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  • br Potential endogenous agonists of

    2022-06-20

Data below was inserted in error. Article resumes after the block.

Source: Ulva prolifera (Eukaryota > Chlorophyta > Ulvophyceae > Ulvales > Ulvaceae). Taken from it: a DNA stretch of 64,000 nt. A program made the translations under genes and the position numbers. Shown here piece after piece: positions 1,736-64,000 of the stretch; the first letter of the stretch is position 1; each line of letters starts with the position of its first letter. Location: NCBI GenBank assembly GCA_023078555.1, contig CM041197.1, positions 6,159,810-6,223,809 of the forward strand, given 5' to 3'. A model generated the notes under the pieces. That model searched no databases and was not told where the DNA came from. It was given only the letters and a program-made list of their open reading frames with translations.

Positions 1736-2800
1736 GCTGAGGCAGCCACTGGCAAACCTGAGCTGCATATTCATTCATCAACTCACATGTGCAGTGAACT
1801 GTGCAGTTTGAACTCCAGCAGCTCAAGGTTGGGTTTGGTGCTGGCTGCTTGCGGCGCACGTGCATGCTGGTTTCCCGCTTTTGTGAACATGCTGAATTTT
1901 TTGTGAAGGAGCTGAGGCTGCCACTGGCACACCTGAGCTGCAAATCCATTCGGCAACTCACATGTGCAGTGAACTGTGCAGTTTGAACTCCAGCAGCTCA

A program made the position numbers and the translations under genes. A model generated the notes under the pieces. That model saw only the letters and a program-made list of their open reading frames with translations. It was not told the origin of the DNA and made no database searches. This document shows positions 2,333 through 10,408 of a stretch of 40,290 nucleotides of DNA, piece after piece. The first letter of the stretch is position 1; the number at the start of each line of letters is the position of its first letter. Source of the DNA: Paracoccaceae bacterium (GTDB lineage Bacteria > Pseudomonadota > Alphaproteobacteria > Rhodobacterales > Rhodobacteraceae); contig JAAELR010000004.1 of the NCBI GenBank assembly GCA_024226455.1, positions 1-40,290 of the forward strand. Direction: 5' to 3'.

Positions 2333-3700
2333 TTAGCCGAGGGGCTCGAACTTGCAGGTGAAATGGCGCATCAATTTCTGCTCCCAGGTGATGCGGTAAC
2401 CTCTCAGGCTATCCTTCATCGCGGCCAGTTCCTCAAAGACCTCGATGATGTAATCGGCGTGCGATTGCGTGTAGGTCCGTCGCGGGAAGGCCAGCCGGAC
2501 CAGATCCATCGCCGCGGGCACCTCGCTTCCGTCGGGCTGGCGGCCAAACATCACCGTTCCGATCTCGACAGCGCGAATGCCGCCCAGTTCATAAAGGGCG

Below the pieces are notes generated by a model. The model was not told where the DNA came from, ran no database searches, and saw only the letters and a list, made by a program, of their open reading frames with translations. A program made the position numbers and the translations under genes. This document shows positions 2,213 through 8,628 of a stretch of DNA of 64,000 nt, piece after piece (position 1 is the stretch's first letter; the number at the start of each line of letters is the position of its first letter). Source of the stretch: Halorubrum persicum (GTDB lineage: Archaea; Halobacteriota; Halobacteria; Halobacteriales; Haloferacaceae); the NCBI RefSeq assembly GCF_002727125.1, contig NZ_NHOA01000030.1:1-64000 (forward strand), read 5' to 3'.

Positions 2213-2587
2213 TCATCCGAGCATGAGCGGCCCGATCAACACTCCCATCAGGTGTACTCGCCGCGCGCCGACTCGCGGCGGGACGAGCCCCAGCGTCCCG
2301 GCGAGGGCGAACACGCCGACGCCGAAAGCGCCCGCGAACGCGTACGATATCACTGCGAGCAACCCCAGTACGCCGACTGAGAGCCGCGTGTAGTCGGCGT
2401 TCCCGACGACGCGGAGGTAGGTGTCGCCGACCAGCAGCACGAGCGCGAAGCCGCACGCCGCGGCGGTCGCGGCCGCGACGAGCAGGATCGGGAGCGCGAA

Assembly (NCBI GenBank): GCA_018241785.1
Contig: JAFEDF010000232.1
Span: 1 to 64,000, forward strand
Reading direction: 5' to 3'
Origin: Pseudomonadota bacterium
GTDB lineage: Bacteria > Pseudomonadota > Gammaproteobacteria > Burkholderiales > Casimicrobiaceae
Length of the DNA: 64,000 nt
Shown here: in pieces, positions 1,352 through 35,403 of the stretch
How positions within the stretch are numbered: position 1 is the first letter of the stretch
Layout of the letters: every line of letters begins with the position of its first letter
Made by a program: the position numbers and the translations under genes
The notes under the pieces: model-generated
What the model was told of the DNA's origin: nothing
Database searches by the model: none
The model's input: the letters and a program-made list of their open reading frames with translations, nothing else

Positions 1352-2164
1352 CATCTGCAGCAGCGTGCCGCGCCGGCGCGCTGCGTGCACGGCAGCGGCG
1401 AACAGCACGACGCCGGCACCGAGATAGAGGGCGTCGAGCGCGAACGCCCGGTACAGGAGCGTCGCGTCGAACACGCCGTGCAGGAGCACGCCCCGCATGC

Potential endogenous agonists of GPR35 The first endogenously produced chemical that was shown to be able to activate GPR35 was the tryptophan metabolite kynurenic Pirfenidone [8]. When human GPR35 was expressed along with a mixture of promiscuous and chimeric G proteins 9, 10 (Box 1) in CHO cells, addition of kynurenic acid elevated [Ca2+]i in a concentration-dependent fashion [8]. Importantly, other intermediates of tryptophan metabolism, including the non-carboxylate kynurenine, were inactive [8]. This demonstrated the probable importance of the acidic moiety of kynurenic acid for binding and/or function. Furthermore, although each of the human, rat and mouse orthologues of GPR35 was activated by kynurenic acid, it was already noted that kynurenic acid was less potent at human GPR35 than at the rodent orthologues [8]. These observations were difficult to interpret fully, however, because the studies were performed after transient Pirfenidone transfection of CHO cells and without any indication of the relative expression levels of the orthologues of GPR35 [8]. Further studies indicated that GPR35 was probably able to couple to pertussis toxin-sensitive Gi-family G proteins, because chimeric G protein α subunits containing only the C-terminal five or nine amino acids from such G proteins were able to transduce signals. Furthermore, kynurenic acid-stimulated binding of [35S]GTPγS to membranes of CHO cells expressing GPR35 was prevented by pretreatment with pertussis toxin [8], which blocks signal transduction via this class of G proteins. A series of further studies has confirmed the agonist action of kynurenic acid at GPR35 5, 11, 12, 13. Moreover, the initial report of variation in potency of kynurenic acid at human versus rodent orthologues of GPR35 has been confirmed and extended. For example, Oka et al.[14] struggled to generate a response to kynurenic acid at human GPR35 in Ca2+ assays, whereas Jenkins et al.[13] reported the EC50 of kynurenic acid as >1×10−3 M at human GPR35 but 7×10−5 M at the rat orthologue using a bioluminescence resonance energy transfer (BRET)-based GPR35-β-arrestin 2 interaction assay (Box 2) (Figure 2). Indeed, the very low potency of kynurenic acid at human GPR35 prompted Jenkins and colleagues [13] to question the potential relevance of this ligand as a functional endogenous agonist, at least in humans. Given the higher potency of kynurenic acid at rodent orthologues of GPR35 and reported micromolar concentration of kynurenic acid in rat small intestine [15], effects of this ligand via GPR35 in rodents should be anticipated. A second group of endogenously produced ligands that have been reported to activate GPR35 are lysophosphatidic acids [14], particularly 2-acyl lysophosphatidic acids [14]. Responses to such ligands were difficult to assess in [Ca2+]i elevation assays because vector transfected cells also produced a robust stimulation [14]. This probably reflects endogenous expression of one or more members of the lysophospholipid receptor group of GPCRs 16, 17. However, 2-oleoyl lysophosphatidic acid caused internalization of an epitope-tagged form of human GPR35, whereas kynurenic acid had little effect [14]. Furthermore, in cells expressing human GPR35, 2-oleoyl lysophosphatidic acid promoted GTP loading on to the small GTP binding protein Rho A, and this was maintained over a substantially longer time period than in vector-transfected cells [14]. This is particularly interesting given recent information on the G protein-coupling profile of GPR35 (see below). Although, on phylogenetic trees of GPCR sequences expressed in humans and rodents, GPR35 does not reside in the same region as the lysophospholipid receptors, it is most closely related to GPR23. This receptor has been reported to respond to lysophosphatidic acid and has previously been referred to as both the P2Y9 receptor and the lysophosphatidic acid LPA-4 receptor [18]. Furthermore, another relatively closely related receptor is GPR55. GPR55 was originally discussed in terms of being a potential atypical cannabinoid receptor [19], but it is certainly able to respond to lysophosphatidylinositol [20]. Lysophosphatidic acids or other endogenously produced lipids might represent true endogenous ligands for GPR35 and for other related receptors such as GPR87 and GPR92 [21].